ASTR 100 (McGaugh)
Homework #4 solutions

Chapter 7, Problem # 5

Europa contains a large percentage of ice rather than rock. Our Moon is primarily made of rock. Thus, since ice is less dense than rock, Europa has a lower density than our Moon. Europa and our Moon are almost the same size. Since the mass of an object is equal to its volume (size) times its density, the mass of Europa is less than the mass of our Moon. Finally, the force of gravity acting on you on any moon's surface is given by:

From this equation, we see than since the mass of Europa is less than the mass of our Moon, and the radius of Europa is approximately equal to the radius of our Moon, the force of gravity on Europa would be less than the force of gravity on our Moon.

Chapter 7, Problem # 6

It would be more dangerous to fly through Saturn's rings than through Jupiter's ring because Jupiter's ring is made of microscopic dust particles, whereas Saturn's rings are made of larger icy particles which range from golf ball size up to the size of a house. Thus, a collision with a Saturnian ring particle would potentially be much more damaging than a collision with a Jovian ring particle. Also, Saturn's ring system is more substantial than Jupiter's (ie. it is a larger and denser system with a greater total mass) so there would be a greater chance of hitting something during a flight through Saturn's rings than through Jupiters ring.

Chapter 8, Problem # 2

Kepler's laws are derived from Newton's universal law of gravitation and this law applies to all objects. Thus, Kepler's third law, which describes the motion of an object in orbit around the Sun, applies to any object which orbits the Sun, whether it is called a planet or a comet.

Since Kepler's third law applies to comets, we can use it to determine the period of a typical comet in the Oort cloud, given that the comet's semimajor axis is 100,000 AU:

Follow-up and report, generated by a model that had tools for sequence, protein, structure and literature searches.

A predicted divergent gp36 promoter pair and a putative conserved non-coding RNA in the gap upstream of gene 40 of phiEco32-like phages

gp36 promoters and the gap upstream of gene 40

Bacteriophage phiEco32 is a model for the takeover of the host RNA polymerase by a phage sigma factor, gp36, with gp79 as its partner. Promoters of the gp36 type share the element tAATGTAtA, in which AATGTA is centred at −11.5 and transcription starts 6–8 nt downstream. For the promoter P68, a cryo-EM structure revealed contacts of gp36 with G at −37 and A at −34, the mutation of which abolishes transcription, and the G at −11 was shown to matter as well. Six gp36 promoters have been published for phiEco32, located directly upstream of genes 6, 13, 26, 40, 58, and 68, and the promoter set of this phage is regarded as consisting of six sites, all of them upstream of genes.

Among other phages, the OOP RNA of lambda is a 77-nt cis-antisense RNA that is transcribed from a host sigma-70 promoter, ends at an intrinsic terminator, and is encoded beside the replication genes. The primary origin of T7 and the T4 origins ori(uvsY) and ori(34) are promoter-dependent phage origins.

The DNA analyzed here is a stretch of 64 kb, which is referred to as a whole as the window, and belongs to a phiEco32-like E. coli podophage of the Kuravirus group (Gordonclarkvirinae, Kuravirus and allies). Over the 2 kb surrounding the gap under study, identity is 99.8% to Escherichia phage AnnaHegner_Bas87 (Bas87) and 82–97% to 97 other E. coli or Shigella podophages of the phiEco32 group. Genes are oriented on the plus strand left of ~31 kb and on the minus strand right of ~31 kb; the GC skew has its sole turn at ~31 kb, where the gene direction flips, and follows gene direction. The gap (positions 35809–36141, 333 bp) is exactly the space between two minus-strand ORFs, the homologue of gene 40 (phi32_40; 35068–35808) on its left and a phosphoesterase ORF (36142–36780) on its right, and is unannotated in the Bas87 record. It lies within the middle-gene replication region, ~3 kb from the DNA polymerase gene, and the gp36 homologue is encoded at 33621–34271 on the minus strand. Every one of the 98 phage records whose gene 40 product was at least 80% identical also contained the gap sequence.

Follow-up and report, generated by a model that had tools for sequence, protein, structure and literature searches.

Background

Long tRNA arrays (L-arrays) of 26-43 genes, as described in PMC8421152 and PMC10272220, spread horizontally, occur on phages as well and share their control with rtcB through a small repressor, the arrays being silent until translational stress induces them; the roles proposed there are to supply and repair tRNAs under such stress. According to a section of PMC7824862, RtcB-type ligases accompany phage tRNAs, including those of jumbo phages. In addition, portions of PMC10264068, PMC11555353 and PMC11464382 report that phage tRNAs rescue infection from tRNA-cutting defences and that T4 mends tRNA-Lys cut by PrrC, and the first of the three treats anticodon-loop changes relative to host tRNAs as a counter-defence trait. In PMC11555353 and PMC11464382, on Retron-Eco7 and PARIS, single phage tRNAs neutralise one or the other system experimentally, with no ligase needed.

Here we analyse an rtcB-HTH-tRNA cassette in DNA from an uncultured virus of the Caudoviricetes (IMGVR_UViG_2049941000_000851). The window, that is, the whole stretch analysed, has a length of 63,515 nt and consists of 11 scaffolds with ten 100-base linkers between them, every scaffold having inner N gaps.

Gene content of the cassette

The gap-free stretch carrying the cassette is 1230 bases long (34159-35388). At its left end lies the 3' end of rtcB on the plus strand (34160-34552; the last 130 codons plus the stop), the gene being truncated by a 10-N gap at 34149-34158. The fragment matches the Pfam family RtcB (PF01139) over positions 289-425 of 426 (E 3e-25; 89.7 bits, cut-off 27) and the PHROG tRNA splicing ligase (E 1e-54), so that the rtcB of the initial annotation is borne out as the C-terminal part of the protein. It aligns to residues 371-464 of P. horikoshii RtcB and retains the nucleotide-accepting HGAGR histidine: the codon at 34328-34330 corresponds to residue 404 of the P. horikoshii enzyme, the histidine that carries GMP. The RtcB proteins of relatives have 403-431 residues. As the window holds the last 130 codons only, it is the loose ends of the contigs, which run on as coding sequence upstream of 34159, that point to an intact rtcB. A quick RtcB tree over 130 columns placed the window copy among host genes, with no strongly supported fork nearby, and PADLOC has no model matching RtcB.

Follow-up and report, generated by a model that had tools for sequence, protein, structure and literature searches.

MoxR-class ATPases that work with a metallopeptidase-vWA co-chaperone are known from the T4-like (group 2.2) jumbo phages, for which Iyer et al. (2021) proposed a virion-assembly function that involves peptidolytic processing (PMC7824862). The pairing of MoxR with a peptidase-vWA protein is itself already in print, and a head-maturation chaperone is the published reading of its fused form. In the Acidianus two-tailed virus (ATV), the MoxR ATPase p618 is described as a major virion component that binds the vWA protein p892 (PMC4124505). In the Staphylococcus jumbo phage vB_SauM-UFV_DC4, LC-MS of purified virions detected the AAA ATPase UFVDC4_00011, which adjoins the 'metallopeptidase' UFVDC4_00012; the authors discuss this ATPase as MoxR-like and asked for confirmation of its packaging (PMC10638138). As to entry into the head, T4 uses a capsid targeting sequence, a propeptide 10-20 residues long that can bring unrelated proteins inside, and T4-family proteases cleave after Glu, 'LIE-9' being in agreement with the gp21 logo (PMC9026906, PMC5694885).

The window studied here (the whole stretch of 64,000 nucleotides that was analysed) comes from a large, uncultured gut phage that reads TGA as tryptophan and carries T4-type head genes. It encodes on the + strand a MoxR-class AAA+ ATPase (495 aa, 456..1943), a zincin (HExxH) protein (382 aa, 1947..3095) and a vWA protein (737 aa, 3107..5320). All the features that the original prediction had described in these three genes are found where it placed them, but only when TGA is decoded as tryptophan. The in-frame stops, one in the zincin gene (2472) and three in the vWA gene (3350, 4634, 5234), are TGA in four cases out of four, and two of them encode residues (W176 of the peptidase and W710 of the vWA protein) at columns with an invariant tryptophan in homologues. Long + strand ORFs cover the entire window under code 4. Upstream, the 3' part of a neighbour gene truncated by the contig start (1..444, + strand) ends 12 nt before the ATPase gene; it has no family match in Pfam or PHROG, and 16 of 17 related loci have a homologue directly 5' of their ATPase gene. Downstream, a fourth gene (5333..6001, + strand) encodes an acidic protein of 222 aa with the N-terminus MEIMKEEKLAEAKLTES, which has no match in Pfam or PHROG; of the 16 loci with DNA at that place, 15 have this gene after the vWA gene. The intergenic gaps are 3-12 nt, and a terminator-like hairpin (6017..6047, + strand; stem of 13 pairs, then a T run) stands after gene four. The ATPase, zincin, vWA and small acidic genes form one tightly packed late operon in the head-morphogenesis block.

Kepler's third law: a3 = P2 (where a is given in AU and P is given in years)

rearranging the equation, we get: P = a3/2

plugging in a for the comet yields: P = (105)3/2 = 3.16 × 107 years

So a typical comet from the Oort cloud returns to the inner solar system about once every 3.16 × 107 years.

Chapter 8, Problem # 6

a) The warning time would be the time it took the asteroid to travel the 15 million kilometers to the Earth. We assume that the asteroid is moving at a speed of 15 km/sec.

velocity = distance/time

time = distance/velocity

time = 15,000,000 km / (15 km/sec)

time = 1,000,000 sec × (1 day / 86400 sec)

time = 11.6 days

b) A kilometer-sized asteroid impact is equivalent to the explosion of a bomb with a yield of hundreds to thousands of megatons (ie. several extremely large nuclear explosions). Thus the shock wave from the impact would cause devastation over a large area. Also, the impact would raise a large dust cloud which could block out the Sun for weeks or months.

c) If an asteroid (assumed to be traveling at approximately 15 km/sec as in part a) were discovered when it was 384,000 km from the earth, the warning time would be (as in part a):

time = distance/velocity

time = 384,000 km / (15 km/sec)

time = 25600 sec × (1 hr / 3600 sec)

d) Assuming that the asteroid is not substantially slowed down by the earth's atmosphere, we can determine the time it would take the asteroid to pass through the 100 km thickness of the atmosphere using the same method as was used in parts a) and c):

time = distance/velocity

time = 100 km / (15 km/sec)

time = 6.7 seconds

Chapter 9, Problem # 3

The basic model for the formation of our solar system (contraction of a revolving gas cloud) leads necessarily to a flat disk structure with all the planets moving in the save direction about the Sun. Thus, if we discovered a system around another star in which the planets orbited in randomly inclined orbits, both prograde and retrograde, a different formation process must have occurred or additional processes beyond those which formed our galaxy must have come into play to create the planetary orbits observed in this new system. For example, the planets of that system may have formed very close to one another so that gravitational interactions between the planets were a significant factor in the formation of the system and caused the orbits of the planets to change from their original planar prograde motion.

Angular momentum would have to be conserved in the new planetary system, just as it is in our own Solar System, in accordance with the law of conservation of angular momentum.